These Common Mistakes Will Jack Up Your Mortgage’s Closing Costs

man wearing a suit sitting in a table showing a mortgage loan contractThere are many aspects you should evaluate when taking a mortgage. One of the easily overlooked features of mortgages is their closing costs. These should be typically paid by either the borrower, or both the lender and borrower.

Finance expert Altius Mortgage Group suggests you can also opt to have your lender pay the entire closing costs. This, however, typically means an increment in the mortgage rate offered by lenders in Utah.

Here are some mistakes that might increase your mortgage closing costs.

Overpaying Your Discount Points

A mortgage’s discount points enable the homebuyer to benefit from low rates. You work out these points as a fraction of the overall loan size so that one point is equivalent to 1% of your mortgage. Know the exact number of points you should get for your mortgage to avoid overpaying these discount points.

Overpaying will not necessarily decrease your interest rates by the same margin.

Getting an Unrealistic Rate Lock Period

An excellent way to reduce your mortgage closing costs is to lock your rates for a set period. Rate locks range from 15-60 days with extensions of up to 30 days. Increments on the rate lock period, however, attract additional fees at closing or higher interest rates.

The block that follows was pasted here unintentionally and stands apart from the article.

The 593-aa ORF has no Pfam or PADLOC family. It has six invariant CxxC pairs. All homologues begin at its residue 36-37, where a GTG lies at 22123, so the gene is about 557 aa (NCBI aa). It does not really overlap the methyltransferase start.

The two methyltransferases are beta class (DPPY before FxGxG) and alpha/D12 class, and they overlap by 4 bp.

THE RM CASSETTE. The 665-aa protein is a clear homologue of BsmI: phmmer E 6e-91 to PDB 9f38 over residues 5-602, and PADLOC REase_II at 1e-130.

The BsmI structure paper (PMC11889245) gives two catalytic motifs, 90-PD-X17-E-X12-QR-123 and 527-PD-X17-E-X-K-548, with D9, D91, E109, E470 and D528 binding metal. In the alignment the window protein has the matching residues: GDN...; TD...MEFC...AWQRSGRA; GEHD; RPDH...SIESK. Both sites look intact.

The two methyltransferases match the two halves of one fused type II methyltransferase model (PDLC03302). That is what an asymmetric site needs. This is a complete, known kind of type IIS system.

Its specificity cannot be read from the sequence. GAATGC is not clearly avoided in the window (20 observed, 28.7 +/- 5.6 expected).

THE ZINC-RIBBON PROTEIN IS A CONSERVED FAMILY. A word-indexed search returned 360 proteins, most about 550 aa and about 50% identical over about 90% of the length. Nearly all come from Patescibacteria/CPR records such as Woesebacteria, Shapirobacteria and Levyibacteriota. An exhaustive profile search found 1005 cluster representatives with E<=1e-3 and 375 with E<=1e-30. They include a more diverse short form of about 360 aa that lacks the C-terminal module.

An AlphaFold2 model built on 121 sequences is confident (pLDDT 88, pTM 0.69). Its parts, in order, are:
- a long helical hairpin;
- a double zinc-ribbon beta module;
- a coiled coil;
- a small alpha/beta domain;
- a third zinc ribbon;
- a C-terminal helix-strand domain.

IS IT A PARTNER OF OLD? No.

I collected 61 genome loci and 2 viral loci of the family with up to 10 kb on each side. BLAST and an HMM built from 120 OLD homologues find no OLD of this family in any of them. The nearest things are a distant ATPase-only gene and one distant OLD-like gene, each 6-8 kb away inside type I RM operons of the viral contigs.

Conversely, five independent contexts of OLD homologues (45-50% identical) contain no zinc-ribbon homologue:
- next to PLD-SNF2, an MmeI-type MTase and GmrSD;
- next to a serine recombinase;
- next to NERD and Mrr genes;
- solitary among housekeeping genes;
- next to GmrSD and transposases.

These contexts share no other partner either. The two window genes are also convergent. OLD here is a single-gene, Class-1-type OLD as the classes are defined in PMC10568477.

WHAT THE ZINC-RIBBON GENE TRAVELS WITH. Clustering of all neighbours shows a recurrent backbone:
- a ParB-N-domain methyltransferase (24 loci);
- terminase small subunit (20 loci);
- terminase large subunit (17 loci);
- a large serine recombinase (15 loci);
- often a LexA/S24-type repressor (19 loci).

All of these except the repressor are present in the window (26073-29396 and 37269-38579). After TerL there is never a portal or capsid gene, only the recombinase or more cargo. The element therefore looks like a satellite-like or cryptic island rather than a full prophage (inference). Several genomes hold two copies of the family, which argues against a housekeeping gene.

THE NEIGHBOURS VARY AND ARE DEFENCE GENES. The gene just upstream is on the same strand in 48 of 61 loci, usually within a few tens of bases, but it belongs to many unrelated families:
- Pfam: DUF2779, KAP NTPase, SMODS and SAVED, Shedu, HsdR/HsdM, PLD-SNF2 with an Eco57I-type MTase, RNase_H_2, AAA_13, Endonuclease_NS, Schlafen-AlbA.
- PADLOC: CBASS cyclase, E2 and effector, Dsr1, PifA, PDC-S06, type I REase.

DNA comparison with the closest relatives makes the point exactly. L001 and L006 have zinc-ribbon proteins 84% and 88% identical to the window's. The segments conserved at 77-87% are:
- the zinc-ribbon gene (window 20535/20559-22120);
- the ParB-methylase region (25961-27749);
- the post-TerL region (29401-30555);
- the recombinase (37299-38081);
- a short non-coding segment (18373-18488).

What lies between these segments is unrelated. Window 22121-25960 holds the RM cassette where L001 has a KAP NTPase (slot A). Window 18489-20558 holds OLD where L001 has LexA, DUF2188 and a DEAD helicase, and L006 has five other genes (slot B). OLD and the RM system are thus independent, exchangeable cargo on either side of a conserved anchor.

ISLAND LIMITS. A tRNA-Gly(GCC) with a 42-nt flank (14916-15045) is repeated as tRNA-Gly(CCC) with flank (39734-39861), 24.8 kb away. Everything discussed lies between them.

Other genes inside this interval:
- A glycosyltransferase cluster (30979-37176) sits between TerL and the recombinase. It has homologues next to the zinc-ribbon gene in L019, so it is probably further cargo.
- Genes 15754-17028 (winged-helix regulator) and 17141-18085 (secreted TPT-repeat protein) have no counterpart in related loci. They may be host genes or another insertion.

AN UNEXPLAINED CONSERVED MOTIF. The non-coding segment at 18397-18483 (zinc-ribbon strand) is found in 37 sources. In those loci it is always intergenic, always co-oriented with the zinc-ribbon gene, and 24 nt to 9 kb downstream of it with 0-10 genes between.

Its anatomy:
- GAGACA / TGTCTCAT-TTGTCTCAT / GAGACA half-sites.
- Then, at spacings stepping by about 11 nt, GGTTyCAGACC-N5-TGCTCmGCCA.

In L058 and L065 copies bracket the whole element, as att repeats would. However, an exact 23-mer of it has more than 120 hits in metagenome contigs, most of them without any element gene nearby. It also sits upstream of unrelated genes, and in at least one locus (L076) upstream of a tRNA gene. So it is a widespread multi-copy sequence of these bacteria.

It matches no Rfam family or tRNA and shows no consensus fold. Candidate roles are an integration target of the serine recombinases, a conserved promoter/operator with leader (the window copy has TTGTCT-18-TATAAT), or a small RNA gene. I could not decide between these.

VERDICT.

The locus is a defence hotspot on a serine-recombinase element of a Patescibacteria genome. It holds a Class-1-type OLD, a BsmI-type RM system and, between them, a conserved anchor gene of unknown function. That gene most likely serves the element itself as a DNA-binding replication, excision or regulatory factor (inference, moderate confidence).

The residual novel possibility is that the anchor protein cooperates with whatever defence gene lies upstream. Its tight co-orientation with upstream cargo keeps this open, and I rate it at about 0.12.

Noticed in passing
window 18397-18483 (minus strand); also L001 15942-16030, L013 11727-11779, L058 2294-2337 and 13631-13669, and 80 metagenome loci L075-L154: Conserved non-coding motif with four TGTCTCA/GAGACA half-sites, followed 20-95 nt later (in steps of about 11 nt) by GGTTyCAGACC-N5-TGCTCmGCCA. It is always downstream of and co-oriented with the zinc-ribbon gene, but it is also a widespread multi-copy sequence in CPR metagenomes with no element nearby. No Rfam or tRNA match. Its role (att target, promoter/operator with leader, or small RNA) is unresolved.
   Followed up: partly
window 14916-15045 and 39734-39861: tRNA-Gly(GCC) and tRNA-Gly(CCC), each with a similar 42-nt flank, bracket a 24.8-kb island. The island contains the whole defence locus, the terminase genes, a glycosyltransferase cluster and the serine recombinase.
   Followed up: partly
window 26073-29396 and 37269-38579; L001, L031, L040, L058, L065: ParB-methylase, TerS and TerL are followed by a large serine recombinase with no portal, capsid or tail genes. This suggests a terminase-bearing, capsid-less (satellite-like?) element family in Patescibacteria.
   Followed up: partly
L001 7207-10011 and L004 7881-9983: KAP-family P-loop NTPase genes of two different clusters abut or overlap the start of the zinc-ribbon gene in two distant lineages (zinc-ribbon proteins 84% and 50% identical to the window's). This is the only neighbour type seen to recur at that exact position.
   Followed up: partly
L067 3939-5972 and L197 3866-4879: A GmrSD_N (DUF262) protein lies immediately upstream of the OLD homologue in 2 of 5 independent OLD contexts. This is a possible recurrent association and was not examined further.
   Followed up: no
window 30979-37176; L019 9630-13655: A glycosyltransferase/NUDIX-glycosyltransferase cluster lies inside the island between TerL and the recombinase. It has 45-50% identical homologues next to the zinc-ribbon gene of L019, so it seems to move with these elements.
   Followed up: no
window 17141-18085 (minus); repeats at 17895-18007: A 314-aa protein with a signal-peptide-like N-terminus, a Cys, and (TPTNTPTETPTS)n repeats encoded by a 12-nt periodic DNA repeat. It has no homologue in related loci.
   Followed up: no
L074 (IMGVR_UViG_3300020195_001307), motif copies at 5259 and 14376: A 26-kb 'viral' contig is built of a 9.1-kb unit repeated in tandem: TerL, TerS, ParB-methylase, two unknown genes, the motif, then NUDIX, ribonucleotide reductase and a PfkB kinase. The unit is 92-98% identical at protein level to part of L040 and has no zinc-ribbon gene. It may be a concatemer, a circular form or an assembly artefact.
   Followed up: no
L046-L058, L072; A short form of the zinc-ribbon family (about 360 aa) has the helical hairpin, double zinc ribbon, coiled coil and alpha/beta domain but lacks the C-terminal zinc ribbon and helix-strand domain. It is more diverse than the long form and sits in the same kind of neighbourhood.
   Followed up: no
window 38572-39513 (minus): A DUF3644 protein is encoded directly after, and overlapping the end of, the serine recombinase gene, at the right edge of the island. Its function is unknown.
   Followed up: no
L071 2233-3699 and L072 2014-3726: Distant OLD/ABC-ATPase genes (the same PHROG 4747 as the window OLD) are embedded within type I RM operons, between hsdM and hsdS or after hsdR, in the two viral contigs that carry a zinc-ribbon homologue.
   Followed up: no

Ensure you select an adequate and realistic rate lock period from the start instead of extending your period later.

Selecting the Wrong Type of Mortgage

Different types of home loans come with their own closing costs. VA loans, for instance, attract a 2% funding fee paid at closing. FHA loans, on the other hand, require you to pay 1.75% of your mortgage size at closing. When choosing your mortgage type, therefore, factor in its closing costs.

Financial safeguards and loan regulations have increased mortgage costs significantly. Lenders include these in closing costs. By avoiding the above mistakes, however, you can limit the amount you pay in these fees and save a significant sum of money.